After we’d eaten more than any two sane adults should, he wiped my greasy fingers with a napkin. He even polished the oily popcorn sheen off my wedding ring. But he didn’t let go of my hand.
I blinked back my tears, and laughed at myself for almost crying, and reinvented every second of my recent life. With the room dark and our hands clinging together, it was just like the accident never happened at all.
He hadn’t hugged me since the funeral, but now he and I were standing in my kitchen in a full-on embrace.
I’d been clever. I had even called Maggie myself. Of course, I knew it was a night she was teaching, but I pretended that I’d forgotten—which is completely forgivable when you’re a new widow. Nearly everything is.
She was so nice when she gave her regrets after I’d rattled off everything I was already preparing—sesame chicken with ginger sauce and fresh peas. I even embellished a homemade lime sorbet. “Oh, please don’t let it go to waste on account of my schedule,” she said. “Adam would love to come. Just send him home with a doggie bag!” She was speaking in one of those overly emotive voices that people often use on children, which disturbed me only because I found her tone comforting.
“Will do.” The casual confidence of the phrase felt foreign on my lips.
“I’ll make sure he knows to be there by seven,” she said.
So there we were, in the middle of my kitchen, my nose buried in his neck. I wanted him to smell like Carl. Instead he smelled like the beers I had plied him with.
“I’ll be back.” I broke away and headed for the bathroom.
“Where you going?” Was it my imagination or were his words starting to slur?
“Just stir the sauce, will you?”
I rifled through the medicine cabinet. There it was – Carl’s aftershave. I flipped open the top and breathed in the soapy menthol scent that I never knew I would miss. Magic! Why hadn’t I been huffing this stuff? I dabbed some on my hands, rubbed them together like I’d seen him mindlessly do almost every day of the past seven years, walked back to the kitchen and massaged my fingers into the back of Adam’s neck.
“Relax,” I said, wrapping my arms around him, nestling my head into his shoulders, closing my eyes and inhaling my past. “Want another beer?”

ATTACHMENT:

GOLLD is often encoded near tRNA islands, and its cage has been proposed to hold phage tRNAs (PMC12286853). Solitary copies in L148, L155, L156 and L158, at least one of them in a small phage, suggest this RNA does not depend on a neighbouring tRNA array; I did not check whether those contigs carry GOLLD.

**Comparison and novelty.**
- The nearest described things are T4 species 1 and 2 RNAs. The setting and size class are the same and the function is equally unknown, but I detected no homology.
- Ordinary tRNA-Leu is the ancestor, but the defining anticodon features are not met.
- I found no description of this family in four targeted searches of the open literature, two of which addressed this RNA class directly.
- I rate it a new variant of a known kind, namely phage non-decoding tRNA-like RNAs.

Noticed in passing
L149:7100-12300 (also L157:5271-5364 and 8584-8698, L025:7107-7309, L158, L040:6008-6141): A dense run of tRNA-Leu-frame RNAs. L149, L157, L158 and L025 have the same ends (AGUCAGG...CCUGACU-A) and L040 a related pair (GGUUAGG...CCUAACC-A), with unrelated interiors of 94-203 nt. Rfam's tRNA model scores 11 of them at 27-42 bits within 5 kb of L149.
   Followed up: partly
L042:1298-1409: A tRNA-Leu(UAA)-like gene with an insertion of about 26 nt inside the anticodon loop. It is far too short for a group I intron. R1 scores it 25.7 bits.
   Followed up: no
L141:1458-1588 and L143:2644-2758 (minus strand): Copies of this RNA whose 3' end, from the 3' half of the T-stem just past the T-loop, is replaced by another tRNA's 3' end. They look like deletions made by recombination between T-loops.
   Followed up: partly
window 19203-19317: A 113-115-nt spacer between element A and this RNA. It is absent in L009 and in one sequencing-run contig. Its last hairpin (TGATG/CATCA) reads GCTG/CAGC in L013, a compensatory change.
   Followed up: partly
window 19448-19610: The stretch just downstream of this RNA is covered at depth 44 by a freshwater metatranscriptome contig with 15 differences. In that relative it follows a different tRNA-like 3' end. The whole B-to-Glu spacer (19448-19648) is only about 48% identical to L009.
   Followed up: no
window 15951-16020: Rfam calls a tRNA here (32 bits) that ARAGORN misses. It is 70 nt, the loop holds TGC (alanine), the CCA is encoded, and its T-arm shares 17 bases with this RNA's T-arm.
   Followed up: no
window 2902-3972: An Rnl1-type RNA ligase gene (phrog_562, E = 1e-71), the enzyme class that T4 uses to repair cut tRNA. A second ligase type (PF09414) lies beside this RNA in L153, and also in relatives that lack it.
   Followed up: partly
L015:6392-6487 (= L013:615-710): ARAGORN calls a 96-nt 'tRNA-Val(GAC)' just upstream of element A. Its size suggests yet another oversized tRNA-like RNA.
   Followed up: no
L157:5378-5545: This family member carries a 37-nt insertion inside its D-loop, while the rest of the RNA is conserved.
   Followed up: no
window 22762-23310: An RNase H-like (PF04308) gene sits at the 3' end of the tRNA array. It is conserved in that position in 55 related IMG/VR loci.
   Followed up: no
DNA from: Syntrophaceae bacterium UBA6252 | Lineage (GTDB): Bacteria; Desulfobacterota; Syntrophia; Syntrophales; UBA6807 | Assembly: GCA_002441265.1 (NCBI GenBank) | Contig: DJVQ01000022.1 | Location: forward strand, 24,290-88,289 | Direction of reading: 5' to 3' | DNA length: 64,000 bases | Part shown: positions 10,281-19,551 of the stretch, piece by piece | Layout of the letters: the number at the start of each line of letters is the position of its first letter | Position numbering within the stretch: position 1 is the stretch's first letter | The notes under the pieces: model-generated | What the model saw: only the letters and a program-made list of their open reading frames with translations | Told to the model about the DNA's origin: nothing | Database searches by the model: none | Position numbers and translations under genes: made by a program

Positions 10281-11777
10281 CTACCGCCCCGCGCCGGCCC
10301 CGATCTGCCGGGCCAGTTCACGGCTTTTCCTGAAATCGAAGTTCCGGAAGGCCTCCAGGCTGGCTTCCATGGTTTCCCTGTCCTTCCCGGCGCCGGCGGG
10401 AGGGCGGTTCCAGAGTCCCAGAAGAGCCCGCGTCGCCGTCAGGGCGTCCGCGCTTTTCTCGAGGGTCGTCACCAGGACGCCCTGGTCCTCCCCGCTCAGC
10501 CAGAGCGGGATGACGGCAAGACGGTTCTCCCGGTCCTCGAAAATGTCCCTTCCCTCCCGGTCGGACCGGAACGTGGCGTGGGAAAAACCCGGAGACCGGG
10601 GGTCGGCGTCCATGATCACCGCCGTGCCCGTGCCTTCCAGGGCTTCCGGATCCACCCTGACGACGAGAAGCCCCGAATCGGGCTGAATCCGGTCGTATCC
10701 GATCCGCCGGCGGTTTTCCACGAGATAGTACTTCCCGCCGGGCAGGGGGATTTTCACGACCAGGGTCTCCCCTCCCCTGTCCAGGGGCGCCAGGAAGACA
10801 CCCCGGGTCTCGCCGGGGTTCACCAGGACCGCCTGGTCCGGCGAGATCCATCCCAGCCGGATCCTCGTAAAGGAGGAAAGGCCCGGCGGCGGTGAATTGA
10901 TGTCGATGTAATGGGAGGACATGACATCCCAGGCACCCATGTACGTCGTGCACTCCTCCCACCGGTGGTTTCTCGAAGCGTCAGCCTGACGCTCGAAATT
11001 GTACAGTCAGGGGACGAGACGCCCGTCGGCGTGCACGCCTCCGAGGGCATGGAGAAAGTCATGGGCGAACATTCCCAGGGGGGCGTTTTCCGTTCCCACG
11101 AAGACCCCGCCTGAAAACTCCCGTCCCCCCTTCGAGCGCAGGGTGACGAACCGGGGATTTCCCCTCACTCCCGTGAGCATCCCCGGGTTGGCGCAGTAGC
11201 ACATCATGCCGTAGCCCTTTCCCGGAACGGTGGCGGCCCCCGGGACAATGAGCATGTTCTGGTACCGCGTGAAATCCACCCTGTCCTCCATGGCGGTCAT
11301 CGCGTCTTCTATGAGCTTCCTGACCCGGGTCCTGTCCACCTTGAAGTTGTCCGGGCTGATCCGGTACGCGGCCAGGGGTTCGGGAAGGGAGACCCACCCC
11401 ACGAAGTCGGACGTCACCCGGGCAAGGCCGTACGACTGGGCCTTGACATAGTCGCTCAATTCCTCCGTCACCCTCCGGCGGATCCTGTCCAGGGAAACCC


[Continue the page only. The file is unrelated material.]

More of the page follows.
I woke up with the receiver already at my ear, having reflexively picked up the ringing phone. “Hi,” I said. I sounded like Courtney Love coming down from a three-day bender.
Her voice shook. “Adam hasn’t made it home and it’s almost two a.m.”
I opened my eyes, blinked through the goopy stuff and nearly rolled off the couch. My left foot was cupped in his hand. His head had fallen to the side and was making a little slobber circle on the shoulder of his faded red polo. His body labored with every raspy snort of breath—unbecoming but reassuring signs of life.
“He’s here,” I said, obviously not thinking that through. He’s alive, my fuzzy brain wanted to add.
“He’s there?” I wasn’t sure if she was angry or just anxious, so I nudged him with the phone. He could do the explaining. He woke up with a squeak, as if trying to scream in his sleep.
“Who?” Not the right thing to say when the phone is a foot from your face.
“Here,” I said, putting the receiver to his ear.
He pushed my foot off his lap and wiped his drool-drenched cheek. “Hello?”
Now he was pacing, saying, “I’m fine, I’m fine.” I fidgeted with my wedding ring. It was getting loose.
“Yeah, I’ll be right there.”
After a curt apology, he clicked off the phone and handed it back. “Any idea where my shoes are?”
He sounded flustered. “I’m fine. Now, where are my shoes?”
I pointed to the brown loafers by the back door before I remembered they were Carl’s. Not that it mattered. Not that he noticed.
I went to his office with a boxful of Carl. The receptionist remembered me and was extra nice—I still had that widow’s halo. She told me I could wait in his office.
He stopped when he saw me, and looked both ways down the hall before he came in. “Everything okay?”
“Everything’s great,” I said and meant it.
He shut the door and I rose to hug him. I took a deep breath and smelled Carl. He’d been wearing the aftershave ever since I stuffed the bottle into his jacket pocket. His hug ended before mine did, but I was sure it was because the phone rang.
It was Maggie calling. My stomach churned while he was talking to her—mostly in monosyllables—and I wasn’t sure whether I needed a cracker or a confessional. Luckily I had a Lorna Doone in my purse.
When he hung up, his face was a little red. “Sorry,” he said. “She was just checking in.”
I just smiled and opened the box I’d brought. “I think you’d like great in this,” I said, holding up Carl’s purplish oxford shirt—he’d called it ‘merlot,’ and it was the threshold of his sophistication. Then the blue-striped tie that he credited with landing him the job at the dealership. The no-iron khakis that I always ironed anyway. The cozy blue sweatshirt with ‘Teamwork!’ across the front that he won at some sales retreat in Miami. Like they needed sweatshirts in Miami.